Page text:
Our qualified hand surgeons may recommend cubital tunnel release surgery if you are experiencing:

  • Persistent pain or weakness in the hand or fingers
  • Numbness or tingling in the ring and little fingers
  • Muscle wasting or atrophy in the hand or fingers
  • Loss of grip strength or fine motor skills
  • Difficulty with daily activities such as holding objects, typing, or playing an instrument

Cubital tunnel release is a highly effective procedure that provides significant relief for many patients. The surgery is typically performed under regional anesthesia on an outpatient basis at our ambulatory surgery center in Flagstaff. The entire surgery takes about 15-30 minutes. During the procedure, your surgeon will release common sites of ulnar nerve compression in the cubital tunnel. Some practitioners offer endoscopic carpal tunnel surgery, but as this has a lower success rate and higher complication rate it is not commonly performed.

Ulnar Nerve Anterior Transposition

If the nerve is significantly compressed and unstable, your surgeon may relocate the ulnar nerve anteriorly to the front of the medial epicondyle, the bony ridge on the inner side of the elbow. This procedure is commonly performed in patients with an unstable ulnar nerve that subluxates anteriorly during flexion. By moving the nerve to a more protected and stable position, patients gain relief from ulnar nerve irritation.

Medical Review: This procedural information has been medically reviewed by plastic and reconstructive surgeon, Brian A. Cripe, M.D.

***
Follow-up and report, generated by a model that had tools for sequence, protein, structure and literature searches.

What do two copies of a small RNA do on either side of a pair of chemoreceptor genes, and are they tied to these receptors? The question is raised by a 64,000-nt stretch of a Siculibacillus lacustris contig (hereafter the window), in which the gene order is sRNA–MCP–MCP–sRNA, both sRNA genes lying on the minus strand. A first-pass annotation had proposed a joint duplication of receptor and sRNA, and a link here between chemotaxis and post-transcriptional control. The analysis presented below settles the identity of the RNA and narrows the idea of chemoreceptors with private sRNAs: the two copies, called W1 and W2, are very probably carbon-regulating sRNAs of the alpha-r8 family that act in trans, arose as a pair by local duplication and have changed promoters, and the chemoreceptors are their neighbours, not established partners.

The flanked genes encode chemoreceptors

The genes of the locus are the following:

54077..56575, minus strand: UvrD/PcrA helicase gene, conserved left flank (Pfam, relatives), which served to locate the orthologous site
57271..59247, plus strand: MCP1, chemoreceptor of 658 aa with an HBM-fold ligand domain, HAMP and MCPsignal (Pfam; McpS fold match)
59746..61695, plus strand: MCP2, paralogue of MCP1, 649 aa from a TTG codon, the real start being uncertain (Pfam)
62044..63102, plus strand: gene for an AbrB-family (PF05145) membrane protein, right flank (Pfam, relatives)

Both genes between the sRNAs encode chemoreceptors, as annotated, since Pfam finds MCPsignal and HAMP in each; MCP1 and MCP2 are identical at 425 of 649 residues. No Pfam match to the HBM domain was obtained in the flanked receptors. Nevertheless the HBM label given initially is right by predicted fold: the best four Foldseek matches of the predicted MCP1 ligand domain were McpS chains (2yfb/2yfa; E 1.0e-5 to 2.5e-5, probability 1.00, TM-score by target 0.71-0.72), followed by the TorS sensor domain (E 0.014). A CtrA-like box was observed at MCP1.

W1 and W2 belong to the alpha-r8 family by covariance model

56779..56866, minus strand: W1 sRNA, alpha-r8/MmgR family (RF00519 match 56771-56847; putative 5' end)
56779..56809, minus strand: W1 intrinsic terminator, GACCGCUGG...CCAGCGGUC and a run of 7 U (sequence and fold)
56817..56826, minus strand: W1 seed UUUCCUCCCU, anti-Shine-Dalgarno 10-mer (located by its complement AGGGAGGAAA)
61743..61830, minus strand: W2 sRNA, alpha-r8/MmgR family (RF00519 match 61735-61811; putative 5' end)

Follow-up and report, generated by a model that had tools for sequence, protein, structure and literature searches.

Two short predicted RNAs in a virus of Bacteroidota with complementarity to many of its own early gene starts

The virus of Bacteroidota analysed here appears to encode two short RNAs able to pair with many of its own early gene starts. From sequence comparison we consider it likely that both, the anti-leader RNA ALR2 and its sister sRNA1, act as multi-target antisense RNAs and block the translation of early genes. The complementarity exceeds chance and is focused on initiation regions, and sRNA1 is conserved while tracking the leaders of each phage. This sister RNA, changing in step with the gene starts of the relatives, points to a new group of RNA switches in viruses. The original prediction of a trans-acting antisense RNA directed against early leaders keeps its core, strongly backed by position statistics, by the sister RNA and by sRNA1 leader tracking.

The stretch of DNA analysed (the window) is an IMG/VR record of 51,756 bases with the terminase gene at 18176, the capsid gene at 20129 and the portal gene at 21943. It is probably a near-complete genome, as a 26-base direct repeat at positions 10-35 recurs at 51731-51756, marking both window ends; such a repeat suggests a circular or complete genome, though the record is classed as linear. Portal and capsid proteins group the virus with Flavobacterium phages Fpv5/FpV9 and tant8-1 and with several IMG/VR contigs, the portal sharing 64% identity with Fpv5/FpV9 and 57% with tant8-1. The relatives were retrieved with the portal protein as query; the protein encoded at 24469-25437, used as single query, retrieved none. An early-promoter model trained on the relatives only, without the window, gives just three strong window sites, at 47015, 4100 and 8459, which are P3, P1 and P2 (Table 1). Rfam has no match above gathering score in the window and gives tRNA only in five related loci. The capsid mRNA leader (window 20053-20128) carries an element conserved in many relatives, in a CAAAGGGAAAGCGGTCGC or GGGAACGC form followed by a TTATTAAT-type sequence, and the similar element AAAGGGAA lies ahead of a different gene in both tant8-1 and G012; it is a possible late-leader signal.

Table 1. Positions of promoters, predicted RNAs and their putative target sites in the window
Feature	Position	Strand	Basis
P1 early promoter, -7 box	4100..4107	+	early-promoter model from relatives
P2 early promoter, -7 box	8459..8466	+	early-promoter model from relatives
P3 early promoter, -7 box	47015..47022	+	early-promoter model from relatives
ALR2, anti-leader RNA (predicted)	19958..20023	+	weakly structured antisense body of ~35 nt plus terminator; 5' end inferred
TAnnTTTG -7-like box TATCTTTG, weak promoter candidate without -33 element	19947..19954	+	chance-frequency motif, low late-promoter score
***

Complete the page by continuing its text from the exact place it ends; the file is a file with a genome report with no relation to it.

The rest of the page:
Cubital Tunnel Release Recovery and Aftercare

Patients who have undergone cubital tunnel release surgery may resume their normal everyday activities as long as the pain is tolerable. Your surgeon will tell you which movements you should avoid and may prescribe physical therapy exercises to help build strength and mobility.

To alleviate pain and swelling, patients can elevate the operative elbow, apply cold compresses, and take Tylenol and Advil. Most patients can return to work within a week or two following endoscopic cubital tunnel surgery.

After two days, patients can remove surgical dressings and resume showering. Most cubital tunnel surgery patients do not need a splint or cast after cubital tunnel release surgery. Patients should avoid soaking in bathtubs until cleared by their doctor, and swimming should be avoided for six weeks to minimize the risk of infection. During the first few days after surgery, some drainage from the incision sites is normal. To prevent clothing from getting soiled, patients may find placing clean gauze or an absorbent dressing over the incisions helpful.